(1) Henry James, “Preface,” The Novels and Tales of Henry lames (New York: Charles Scribner’s Sons, 1908), — II, xi. All further references to the preface and to The Aspern Papers are to this edition.

(2) The Nation, 22 (April 27, 1876), 280. James felt that Baudelaire was “compromised” by his dedication to Poe.

(3) The event took place on 17 November 1875. See Sara Sigourney Rice, Edgar Allen Poe: A Memorial Volume (Baltimore: Turnbull Brothers, 1877) .

(4) James later modified his opinions on Poe. His Prince Amerigo in The Golden Bowl ( 1904) expresses enthusiasm for The Narrative of Arthur Gordon Pym; in A Small Boy and Others (1913), James speaks of Poe as an “ill-starred magician,” and in Notes of A Son and Brother ( 1914) he refers somewhat ambiguously to the “Artless Age” of American letters, “as it still might be called in spite of Poe and Hawthorne and Longfellow and Lowell.”

(5) The Rhetoric of Fiction (Chicago: Univ. of Chicago Press, 1961), p. 361.

(6) Such an interpretation is offered by Robert C. McLean, “Poetic Justice in James’s Aspern Papers,” Papers on Language and Literature, 3 (1967), 266, who notes that the narrator’s “ inability to understand and appreciate people parallels and complements his inability to evaluate art.” Samuel Hux, “Irony in The Aspern Papers: The Unreliable Symbolist,” Ball State University Forum, 10 (1969), 65, draws much the same conclusion, observing that the narrator’s failure to discern in the papers “the symbolic significance of a controlling moral corruption” is proof of his lack of critical insight.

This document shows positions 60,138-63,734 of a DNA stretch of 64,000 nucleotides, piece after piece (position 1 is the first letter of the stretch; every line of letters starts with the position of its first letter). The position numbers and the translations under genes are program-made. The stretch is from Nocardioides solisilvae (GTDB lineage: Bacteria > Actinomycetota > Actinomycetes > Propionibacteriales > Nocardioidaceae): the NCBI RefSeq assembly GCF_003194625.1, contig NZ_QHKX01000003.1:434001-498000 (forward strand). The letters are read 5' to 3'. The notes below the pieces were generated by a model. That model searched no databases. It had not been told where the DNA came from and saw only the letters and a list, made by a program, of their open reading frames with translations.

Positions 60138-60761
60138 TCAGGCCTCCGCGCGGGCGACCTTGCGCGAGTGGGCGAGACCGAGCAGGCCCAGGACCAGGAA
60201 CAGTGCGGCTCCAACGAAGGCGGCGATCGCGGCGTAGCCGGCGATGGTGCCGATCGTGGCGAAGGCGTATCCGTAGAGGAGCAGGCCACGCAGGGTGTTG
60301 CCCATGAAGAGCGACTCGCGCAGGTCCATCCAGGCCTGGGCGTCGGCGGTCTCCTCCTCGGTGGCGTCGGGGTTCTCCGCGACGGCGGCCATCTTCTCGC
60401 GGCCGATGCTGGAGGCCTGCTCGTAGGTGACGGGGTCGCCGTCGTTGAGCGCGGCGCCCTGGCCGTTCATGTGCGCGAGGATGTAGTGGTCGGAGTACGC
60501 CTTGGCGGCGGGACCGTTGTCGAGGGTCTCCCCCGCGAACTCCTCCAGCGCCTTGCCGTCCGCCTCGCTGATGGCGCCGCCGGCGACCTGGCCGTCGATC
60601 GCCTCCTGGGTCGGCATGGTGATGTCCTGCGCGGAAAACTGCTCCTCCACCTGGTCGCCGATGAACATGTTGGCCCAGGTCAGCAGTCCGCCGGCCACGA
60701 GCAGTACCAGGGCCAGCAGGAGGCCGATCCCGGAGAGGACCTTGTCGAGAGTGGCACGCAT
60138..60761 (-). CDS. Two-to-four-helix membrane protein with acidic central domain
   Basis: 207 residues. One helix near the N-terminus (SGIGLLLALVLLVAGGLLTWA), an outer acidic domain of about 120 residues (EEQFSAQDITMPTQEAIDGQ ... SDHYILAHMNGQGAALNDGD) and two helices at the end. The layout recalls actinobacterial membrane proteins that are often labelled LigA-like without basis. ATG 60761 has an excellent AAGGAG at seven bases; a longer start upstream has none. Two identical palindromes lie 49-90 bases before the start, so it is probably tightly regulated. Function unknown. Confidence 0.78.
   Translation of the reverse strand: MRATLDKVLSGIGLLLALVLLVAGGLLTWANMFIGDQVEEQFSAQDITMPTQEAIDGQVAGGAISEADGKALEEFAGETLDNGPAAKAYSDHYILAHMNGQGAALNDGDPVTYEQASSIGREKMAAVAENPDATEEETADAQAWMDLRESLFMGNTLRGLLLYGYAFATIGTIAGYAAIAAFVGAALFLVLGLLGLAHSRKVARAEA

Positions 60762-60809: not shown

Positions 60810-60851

(7) OED, ed. James A. H. Murray et al. (Oxford: Clarendon Press, 1933), I, 494

(8) (Boston: Shepard and Lee, Publishers, 1880). The six essays in the collection had first appeared in The Literary World. The final article in the series, on James, was published 22 November 1879, only a few days before Short Studies went on sale. Higginson’s prefatory note is dated 1 December 1879 and the volume was advertised in The Literary World for 6 December 1879, along with other Christmas gift editions.

(9) The Victorian Mode in American Fiction 1865-1885 (East Lansing: Michigan State Univ. Press, 1965), p. 93.

(10) Short Studies, pp. 52, 56, 58.

(11) The Letters of Henry James, ed. Percy Lubbock (New York: Charles Scribner’s Sons, 1922), 1, 73.

(12) 16 October 1845. Instead of reading a promised new poem, Poe perplexed and angered his audience with a reading of “Al Aaraaf.”

(13) “Poe,” Short Studies, p. 21. James had further access to details of the Poe-Whitman romance in John H. Ingram’s Edgar Allan Poe: His Life, Letters, and Opinions, 2nd ed. (London: W. H. Allen, 1886), pp. 366-387.

(14) William Whitman Bailey, quoted in Caroline Ticknor, Poe’s Helen (New York: Charles Scribner’s Sons, 1916), p. 281.

(15)“The Aspern Papers: A Comedy of Masks,” Nineteenth-Century Fiction, 14(1959),175.